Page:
Some of the most challenging parts of the scan were the narrow pathways that were difficult for the algorithms in the Matterport Capture App controlling the cameras to align during the process.
At the end, there were 145 360 photos taken between the two cameras and aligned in the Guided Tour. Total capture time was limited to only a few hours and took about the better part of a day.
I brought in my own lighting for the Subterranean Chamber using battery-powered emergency lights made slightly more diffuse with white fabric, all bought from the Ataba market in Cairo. You can see the results here. I used these lights in sundry other places throughout the scan.
They weren’t ideal, but they worked for the purposes of our survey which was primarily educational. These wouldn’t have been a good solution for photogrammetric capture in the space, but again, for the purposes of the survey, they were adequate.
Generally, these lights worked for purposes of our scan (which is educational much more than scientific). In the future, a much more sophisticated lighting system could be used by whoever does the field capture.
Designing and Building the Guided Tour from the Raw Data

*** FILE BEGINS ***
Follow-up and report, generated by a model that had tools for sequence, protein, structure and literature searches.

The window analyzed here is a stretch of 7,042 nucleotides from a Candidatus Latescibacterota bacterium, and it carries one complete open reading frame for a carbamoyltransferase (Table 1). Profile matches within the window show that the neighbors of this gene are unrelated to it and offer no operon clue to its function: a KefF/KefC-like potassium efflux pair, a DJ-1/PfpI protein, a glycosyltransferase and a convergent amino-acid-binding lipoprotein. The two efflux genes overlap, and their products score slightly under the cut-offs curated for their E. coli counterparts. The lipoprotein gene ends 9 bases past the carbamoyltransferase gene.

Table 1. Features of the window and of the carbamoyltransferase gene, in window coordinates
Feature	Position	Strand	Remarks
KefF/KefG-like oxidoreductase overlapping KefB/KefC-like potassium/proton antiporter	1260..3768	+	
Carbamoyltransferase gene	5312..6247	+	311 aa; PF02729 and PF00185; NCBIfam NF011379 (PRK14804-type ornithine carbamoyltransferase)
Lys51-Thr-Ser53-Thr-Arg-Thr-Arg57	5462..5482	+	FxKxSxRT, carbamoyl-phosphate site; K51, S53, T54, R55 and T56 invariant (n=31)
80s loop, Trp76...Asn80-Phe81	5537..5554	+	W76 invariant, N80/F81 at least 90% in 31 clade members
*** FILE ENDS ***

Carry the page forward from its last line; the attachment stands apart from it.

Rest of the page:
Next, after working on-site with Doctor Wael Fathy from the Ministry of Tourism and Antiquities, I coded up the Guided Tour and worked on processing the data captured.
I built a script following a sequential pathway as much as possible and in the long channels between the chambers, I added narrative details about the monument and its history, such as including information about Khufu and the Solar Boats that were discovered nearby.
My parents, who are major history buffs, helped with some of the initial drafts of the tours and interactive narratives.
If you’re a tech person you might be interested in the technologies for the guided tour, if not, you can skip ahead to the cat: I coded up the guided tour in Typescript using the Matterport SDK which is built on top of Three.js.
It was easy to get up and running with the Matterport SDK, but I wish that we could manipulate the Skybox in their camera at least. Perhaps the subject of future work. Check out the example in their SDK here: https://matterport.github.io/showcase-sdk/sdkbundle_tutorials_using_scene_objects.html
As a part of this process, we started interviewing school teachers, especially in Egypt and the United States, about their greatest challenges with teaching Ancient Egypt to their students.
Almost unanimously, the teachers mentioned that their greatest challenges in teaching Ancient Egypt were teaching about Daily Life in Ancient Egypt and who the Gods and Goddesses of Ancient Egypt are.
As a result, working with Mused Co-founders, Tessa Litecky and Natalya Stanke, we began to write educational content including guided tours, interactive narratives, and corresponding quizzes with Google Forms for the Pyramid, as we had previously with the Luxor Temple guided tours.
Here are a few of the first results:
We’re still working on content as we get feedback from teachers to build educational materials that connect to the guided tours.
In general, teachers preferred learning materials that too advantage of showcasing vocabulary and characters in the 3d scan–rather than the longer-form narratives, since there are already many resources out there similar to these.